One Candle Party led to many
That candle party raked us in over $100.00 profit that day. The party only lasted about 1 hour. I say that wasn't bad at all. We didn't even have to try to figure out how we were going to do another candle party. At the end of that first party, one of my wife's co-worker asked us if we would be interested in having her host one and we just show up to show off (and sell) our candles. She knew a bunch of people who liked gel candles but didn't know where to get them or didn't know much about them. Of course we told her to call us with a date and time and we would be there. That was the beginning of the "snowball effect". That first year we did 20 candle parties. At first we went to then together, but after awhile we got more comfortable and we split so we could do two parties on the same day. (it happened a few times)
Needless to say, when it came time to looking into doing craft fairs. Neither of us was all that nervous. Home parties made the transition very easy. After that we were selling at craft fairs, had some stores that we sold out of on consignment and other stores that bought from us out right at a discounted price.
Hosting a Candle Party
Having a candle party is not as hard as one might think. I'm going to tell you how we did ours and the incentives we offered to gain some party hostesses. Yes, they were all women who hosted. I was the only male at most of these parties. I lived in an area where men don't "do parties" unless it is a football or poker party.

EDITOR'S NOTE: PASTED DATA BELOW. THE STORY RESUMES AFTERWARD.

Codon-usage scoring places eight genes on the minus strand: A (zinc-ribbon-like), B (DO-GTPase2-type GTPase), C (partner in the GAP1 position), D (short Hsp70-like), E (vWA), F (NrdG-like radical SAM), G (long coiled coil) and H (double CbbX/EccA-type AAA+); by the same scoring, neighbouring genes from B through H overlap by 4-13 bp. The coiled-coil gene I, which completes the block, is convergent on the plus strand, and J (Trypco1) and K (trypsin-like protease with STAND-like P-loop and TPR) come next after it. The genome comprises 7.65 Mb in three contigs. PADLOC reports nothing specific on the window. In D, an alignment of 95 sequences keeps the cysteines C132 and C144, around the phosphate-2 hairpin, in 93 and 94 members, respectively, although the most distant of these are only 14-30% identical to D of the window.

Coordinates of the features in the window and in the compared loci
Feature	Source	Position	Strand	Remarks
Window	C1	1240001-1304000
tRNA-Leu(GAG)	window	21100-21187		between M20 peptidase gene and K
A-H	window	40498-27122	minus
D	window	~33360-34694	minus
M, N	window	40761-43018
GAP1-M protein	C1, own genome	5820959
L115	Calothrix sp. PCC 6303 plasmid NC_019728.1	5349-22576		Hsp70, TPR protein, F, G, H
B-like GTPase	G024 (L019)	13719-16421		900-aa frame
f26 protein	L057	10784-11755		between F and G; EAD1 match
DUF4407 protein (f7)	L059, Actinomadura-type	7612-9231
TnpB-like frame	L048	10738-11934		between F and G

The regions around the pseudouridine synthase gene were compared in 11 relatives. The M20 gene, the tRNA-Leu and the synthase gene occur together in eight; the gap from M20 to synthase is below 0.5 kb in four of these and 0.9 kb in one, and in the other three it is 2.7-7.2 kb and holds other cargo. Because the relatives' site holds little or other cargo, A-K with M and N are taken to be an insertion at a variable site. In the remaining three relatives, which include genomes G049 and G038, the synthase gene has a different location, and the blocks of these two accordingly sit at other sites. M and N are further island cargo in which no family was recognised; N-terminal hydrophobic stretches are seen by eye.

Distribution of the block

Also please remember, I may have been selling Gel candles at these parties. But any type of candle will work, Soy, paraffin, bees wax, cut and carve. The principle of the candle party is the same.
First comes the organizing of the party - where will it be held, when, how many people going to be there.
We tried to have no more then 12 people. Our reasoning was it would be easier to have one on one conversations. Even if it was a group talk you can hold that person's eye to eye contact when answering their question. It makes the party feel more personal.
Try to have at least two dozen candles of every available scent you plan on showing off.
Make sure you have a sample jar of each scent. (also have a small container of coffee grounds available for them to smell. It clears the smell from the nose so they can smell the next candle scent.
We made small gel tea cup candles to give away free to each person that showed up. You don't have to give free stuff away but we found that helped us and created repeat business.
It is up to the Host or Hostess on if they want to play games or not. We had a few ideas in case they couldn't think of any. Sometimes you will find the crowds prefer not to play any games.
We would start the party off with the free gifts to everyone. Then we would all join in what ever room we set aside for us. (depended on the seating arrangement) We would pass around each sample candle and talk about the scent while it was being passed around.
We would answer any questions that pertained to that scent before moving on to the next candle. We would pass around the container of coffee grounds while answering those questions.